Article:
"He also didn't cope with any sort of change easily. We used to go to the Little Chef most Fridays and he'd always have exactly the same meal.
"There was no point asking him what he wanted. It was always fish and chips, a gooseberry pancake and cup of tea. I think he had a genuine fear of things he couldn't control."
The TV programmes proved a surprise hit, eventually appearing among the most-watched on BBC Two with glowing reviews.
"All of a sudden television changed him from being a cult personality to somebody known right across the UK, but celebrity didn't go to his head," Else says.
The books' popularity would ebb and flow, and in 2003 they came perilously close to falling out of print before another publisher stepped in.
They have since gone on to find new generations of readers.
Among those spreading the word is Yorkshireman Chris Butterfield, who runs a Wainwright website and Facebook group with thousands of members.
"When I first went to the Lake District 20 years ago, I'd never seen anything like it. I was quite intimidated by the fells, but Wainwright's guides transformed those rugged giants into friendly hills.
"After reading his guides, you view the Lake District in a completely different way. I think that's what captivates everyone. He had a gift very few people have.
"How many guidebooks that are over half a century old are we still reading today? When I'm on the fells, all the guides I see in people's hands are Wainwright's."
Captivated by the "timeless writing", Butterfield has built up a vast archive of material - much of it gathered from printing company Titus Wilson which took over responsibility for the guides from the Westmorland Gazette in the late 1980s.
Describing himself as a "custodian", he is now working on a series of books and plans to stage an exhibition showcasing his many discoveries.
"I knew it was a race against time because there are very few people around now who knew Wainwright or were associated with him. In 10 or 20 years' time there would be no chance of doing it.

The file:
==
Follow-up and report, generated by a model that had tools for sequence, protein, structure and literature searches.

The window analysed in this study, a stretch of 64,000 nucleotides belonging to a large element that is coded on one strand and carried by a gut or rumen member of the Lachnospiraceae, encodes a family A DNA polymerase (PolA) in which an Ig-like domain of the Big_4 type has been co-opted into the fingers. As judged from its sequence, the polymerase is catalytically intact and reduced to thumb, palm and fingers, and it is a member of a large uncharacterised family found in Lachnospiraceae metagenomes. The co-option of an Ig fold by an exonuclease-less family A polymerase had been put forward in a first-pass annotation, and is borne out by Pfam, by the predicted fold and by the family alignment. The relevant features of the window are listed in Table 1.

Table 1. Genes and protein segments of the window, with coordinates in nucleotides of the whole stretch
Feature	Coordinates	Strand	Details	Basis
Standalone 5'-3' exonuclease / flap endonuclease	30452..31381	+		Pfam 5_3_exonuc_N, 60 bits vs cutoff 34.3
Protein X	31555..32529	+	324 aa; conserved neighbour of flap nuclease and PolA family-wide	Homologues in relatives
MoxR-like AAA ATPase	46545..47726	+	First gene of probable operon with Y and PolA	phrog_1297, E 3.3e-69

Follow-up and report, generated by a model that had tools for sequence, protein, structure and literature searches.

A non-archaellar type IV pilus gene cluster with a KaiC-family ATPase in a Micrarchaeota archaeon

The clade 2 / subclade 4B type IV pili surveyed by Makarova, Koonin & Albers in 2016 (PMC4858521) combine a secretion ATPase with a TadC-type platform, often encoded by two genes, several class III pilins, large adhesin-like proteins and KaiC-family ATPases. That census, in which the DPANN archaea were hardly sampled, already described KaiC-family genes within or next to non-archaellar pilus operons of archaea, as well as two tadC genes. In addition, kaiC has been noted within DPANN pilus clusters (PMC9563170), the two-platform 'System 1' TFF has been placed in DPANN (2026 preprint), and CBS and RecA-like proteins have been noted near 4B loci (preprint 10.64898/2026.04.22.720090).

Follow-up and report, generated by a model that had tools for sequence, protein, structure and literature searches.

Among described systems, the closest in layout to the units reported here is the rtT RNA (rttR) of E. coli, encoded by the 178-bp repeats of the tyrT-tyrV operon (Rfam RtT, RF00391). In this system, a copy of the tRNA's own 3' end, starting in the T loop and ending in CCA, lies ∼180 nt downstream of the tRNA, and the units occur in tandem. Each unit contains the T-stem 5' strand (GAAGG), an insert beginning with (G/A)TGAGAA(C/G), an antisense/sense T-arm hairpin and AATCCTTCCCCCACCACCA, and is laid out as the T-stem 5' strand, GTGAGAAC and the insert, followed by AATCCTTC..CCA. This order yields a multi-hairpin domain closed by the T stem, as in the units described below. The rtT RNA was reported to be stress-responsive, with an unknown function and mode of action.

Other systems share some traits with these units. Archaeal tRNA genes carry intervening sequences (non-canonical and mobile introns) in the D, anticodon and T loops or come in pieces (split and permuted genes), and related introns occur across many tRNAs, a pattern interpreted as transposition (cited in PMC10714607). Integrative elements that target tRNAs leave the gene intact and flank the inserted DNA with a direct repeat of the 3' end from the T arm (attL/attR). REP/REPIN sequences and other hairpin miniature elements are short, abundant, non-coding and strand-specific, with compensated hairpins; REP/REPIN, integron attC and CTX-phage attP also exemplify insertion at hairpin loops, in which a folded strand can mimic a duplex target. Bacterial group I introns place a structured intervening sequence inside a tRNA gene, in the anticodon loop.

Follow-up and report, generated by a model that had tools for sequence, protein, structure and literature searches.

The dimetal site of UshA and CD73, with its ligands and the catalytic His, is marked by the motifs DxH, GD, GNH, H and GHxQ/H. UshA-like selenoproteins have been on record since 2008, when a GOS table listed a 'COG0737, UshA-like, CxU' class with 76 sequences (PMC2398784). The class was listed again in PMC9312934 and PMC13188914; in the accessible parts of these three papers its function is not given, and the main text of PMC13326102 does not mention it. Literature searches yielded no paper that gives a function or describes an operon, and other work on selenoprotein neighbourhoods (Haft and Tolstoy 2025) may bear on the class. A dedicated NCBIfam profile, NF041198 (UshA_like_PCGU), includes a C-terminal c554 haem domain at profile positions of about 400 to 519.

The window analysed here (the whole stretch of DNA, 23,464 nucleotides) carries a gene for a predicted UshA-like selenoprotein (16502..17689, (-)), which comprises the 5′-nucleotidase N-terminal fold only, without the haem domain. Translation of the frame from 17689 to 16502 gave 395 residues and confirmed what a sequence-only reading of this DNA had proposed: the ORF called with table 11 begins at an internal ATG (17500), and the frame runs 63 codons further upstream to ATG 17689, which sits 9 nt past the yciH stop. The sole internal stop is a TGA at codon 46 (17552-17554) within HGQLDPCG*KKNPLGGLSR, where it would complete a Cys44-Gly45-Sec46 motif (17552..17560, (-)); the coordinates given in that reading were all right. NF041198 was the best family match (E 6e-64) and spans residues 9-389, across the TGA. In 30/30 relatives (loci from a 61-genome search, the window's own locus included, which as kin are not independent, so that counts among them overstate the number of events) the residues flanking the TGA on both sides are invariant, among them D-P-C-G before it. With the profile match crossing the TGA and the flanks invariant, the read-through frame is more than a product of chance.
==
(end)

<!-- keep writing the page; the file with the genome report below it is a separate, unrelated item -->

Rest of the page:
"I used to visit the [printing] factory every day going through the attics, the cellars, the warehouse, finding all this stuff and original Westmorland Gazette printing materials.
"Months later I'd found nearly all of it. I'd have been happy finding things relating to just a couple of guides, but I found the negatives for all of them and more. It's a colossal amount of material.
"It's been a journey of discovery and a real privilege to protect it all."
So closely connected is AW with the Lake District today, many walkers set themselves the challenge of "bagging" as many of the so-called Wainwrights as they can and his name even lends itself to sporting challenges.
Ultra-runner Sabrina Verjee, who in June set a new record by reaching all 214 peaks in less than six days, says it acts as a kind of shorthand even for visitors who may not be familiar with his life story.
"I talk about the Wainwrights as a set of fells and I would say most walkers and fell runners would know what I mean," explains the athlete, who will be talking alongside Else at the Keswick festival.
"What's nice about the summits is the huge variety. Some are very easy to bag. For example Binsey, you can drive most of the way up on the road and just have a short walk to the top. Then there are more challenging tops like Catstye Cam, which involves a technical rocky ridge."
With a boom in tourism and an increase in leisure time over recent decades, the Lake District National Park now welcomes 18 million people annually.
Technology, too, has moved on immeasurably since Wainwright died in 1991 at the age of 84.
So what would he make of walkers winding their way across his beloved fells guided by Google Maps and GPS before finishing their adventures with a filtered selfie? And will there still be a place for his printed guides in the years to come?
Else firmly believes there will, but says Wainwright would have viewed the development of technology with "total bewilderment".
"Wainwright retired at the standard age as the borough treasurer of Kendal [in 1967] and he said to me he was so pleased because even the beginnings of computers were beyond him.
"I can imagine telling him you could send a message instantly to somebody and he would say 'what's wrong with the post?'
"He would have seen no point whatsoever in a selfie. He'd have taken a picture of a mountain summit instead.
"Without exaggerating, if you pick out the people whose names would forever be associated with the Lake District, then Wainwright would be in that group.
"I think he'll always have a place because you can genuinely talk about him in the same breath as Wordsworth."